Sunday, October 03, 2010

Each semester in the persuasion and argument class I teach, the transition from personal issues to social issues is awkward. It's a little like, "okay, now instead of doing this, we're doing this," and the 'why' of our switch remains a little bit nebulous. In theory, writing about something important that happened in a-life-so-far leads into thinking about larger social issues; "the personal is political" or more specifically, everything we go through is something that many other people have also gone though. That our lives are examples of larger social and historical trends. The memoir is, for our purposes, a short narrative about a time when a person learns some kind of life lesson. "A time when I realized I was all alone in this cold and cruel world." Translating a subjective theme into a concrete argument requires some work.

On Friday, it was the point in the semester where we give it a shot, and this time it made little more sense than usual. We started with the chapter on narrative argument and discussed one of the essays at the end of the chapter, an essay by Leslie Marmon Silko about border patrols. We discussed implict and explicit reasoning and looked at on the diagram the book provided:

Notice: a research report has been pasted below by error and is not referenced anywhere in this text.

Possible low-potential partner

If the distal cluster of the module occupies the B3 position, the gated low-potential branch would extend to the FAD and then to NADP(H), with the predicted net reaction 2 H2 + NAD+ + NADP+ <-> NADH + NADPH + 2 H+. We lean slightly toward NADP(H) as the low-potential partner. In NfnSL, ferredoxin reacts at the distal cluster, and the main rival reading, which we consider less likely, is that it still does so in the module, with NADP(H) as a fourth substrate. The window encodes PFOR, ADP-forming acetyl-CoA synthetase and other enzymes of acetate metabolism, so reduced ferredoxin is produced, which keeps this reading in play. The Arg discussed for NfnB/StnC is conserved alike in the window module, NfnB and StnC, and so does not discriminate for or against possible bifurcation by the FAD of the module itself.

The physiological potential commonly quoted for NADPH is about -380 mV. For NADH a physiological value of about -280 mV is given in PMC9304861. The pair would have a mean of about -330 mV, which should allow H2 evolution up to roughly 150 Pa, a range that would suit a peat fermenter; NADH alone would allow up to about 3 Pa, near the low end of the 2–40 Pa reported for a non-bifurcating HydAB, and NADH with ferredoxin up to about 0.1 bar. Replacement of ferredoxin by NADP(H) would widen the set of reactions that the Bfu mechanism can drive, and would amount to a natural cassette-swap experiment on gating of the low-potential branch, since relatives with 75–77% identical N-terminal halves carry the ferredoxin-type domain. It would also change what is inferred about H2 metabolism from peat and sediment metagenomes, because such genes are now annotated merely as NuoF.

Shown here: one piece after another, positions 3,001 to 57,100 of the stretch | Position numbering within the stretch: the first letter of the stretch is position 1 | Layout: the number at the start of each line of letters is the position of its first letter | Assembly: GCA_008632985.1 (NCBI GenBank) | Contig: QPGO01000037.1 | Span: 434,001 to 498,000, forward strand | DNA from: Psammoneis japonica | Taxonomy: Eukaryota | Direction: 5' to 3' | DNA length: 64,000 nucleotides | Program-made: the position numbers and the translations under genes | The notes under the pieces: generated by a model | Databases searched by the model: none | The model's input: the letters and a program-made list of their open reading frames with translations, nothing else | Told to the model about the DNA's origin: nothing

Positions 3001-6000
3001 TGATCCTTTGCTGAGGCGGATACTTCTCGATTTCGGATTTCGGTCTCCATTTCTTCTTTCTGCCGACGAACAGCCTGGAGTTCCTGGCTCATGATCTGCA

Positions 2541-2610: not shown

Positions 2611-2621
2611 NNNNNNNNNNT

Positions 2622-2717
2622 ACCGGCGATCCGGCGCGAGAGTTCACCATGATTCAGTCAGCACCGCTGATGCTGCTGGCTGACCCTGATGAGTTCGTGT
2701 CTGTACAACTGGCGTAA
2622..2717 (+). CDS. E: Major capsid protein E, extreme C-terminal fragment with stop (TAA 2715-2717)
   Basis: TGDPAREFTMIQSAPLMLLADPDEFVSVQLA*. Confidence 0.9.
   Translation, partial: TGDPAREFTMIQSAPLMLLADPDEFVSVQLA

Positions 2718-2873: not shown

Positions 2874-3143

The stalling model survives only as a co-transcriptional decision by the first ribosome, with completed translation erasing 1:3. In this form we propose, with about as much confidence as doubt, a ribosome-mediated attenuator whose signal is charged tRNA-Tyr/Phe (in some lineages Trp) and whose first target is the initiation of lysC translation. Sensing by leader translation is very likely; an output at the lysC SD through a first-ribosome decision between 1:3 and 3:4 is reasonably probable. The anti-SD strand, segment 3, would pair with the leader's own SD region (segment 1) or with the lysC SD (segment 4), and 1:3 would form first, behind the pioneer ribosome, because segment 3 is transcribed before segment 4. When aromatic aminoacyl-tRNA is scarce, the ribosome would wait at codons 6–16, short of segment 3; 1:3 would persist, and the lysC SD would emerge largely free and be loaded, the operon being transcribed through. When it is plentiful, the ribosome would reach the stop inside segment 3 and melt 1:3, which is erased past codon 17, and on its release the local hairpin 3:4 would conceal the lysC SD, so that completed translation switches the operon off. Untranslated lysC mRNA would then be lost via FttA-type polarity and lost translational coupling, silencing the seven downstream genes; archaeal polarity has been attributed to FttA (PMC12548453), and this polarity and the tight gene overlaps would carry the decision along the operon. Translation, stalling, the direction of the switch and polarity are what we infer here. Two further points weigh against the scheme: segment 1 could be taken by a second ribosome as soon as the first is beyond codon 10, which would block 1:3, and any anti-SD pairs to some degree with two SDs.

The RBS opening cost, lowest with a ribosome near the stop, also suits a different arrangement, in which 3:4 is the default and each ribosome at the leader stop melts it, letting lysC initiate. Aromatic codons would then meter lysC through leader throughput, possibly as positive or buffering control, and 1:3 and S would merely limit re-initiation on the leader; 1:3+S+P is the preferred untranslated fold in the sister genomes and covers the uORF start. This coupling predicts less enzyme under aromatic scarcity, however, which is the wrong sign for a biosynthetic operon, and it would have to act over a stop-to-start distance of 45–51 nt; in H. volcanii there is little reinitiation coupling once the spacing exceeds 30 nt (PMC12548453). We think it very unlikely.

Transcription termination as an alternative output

We worked to figure this "nipple" (as a student put it) diagram out. Say you write a story about being carjacked. Of course it's no fun to to be carjacked. You write, "he pressed the gun to my temple and told me to drive to the airport." This is a scary. From this feeling, our subjective reading experience, we conjure up a reason for being scared: I am scared because there is a strange man in my car threatening to kill me if I don't drive him to the airport. Or in simplified terms, I am in danger (vs. the objective viewpoint, this is a dangerous situation). From this reason we create a 'claim': lock your doors; and in turn, an argument: lock your doors because carjackers are dangerous.

That's about 45 minutes of class time condensed. What's neat about this little system is that it explains how the stories we tell are, in a sense, arguments for certain world views. We all know this in a sense, but the mechanisms that actually persuade are hidden, and it's helpful to see them. Granted that all forms or rhetoric (finding the best means of persuasion) require a little hoo-ha/ magical thinking/ faith that somebody is listening, but the point of beginning the class with a memoir is to ground argument in the personal. To show that the reason we are arguing about prop. 19 or tax cuts is not because it's an intellectual game, which it can be and has seemingly turned into on the national level, but because we live in our bodies and experience feeling. Right or wrong aside, we all have preferences for how we like to feel. These preferences color everything we do, including the stories we tell.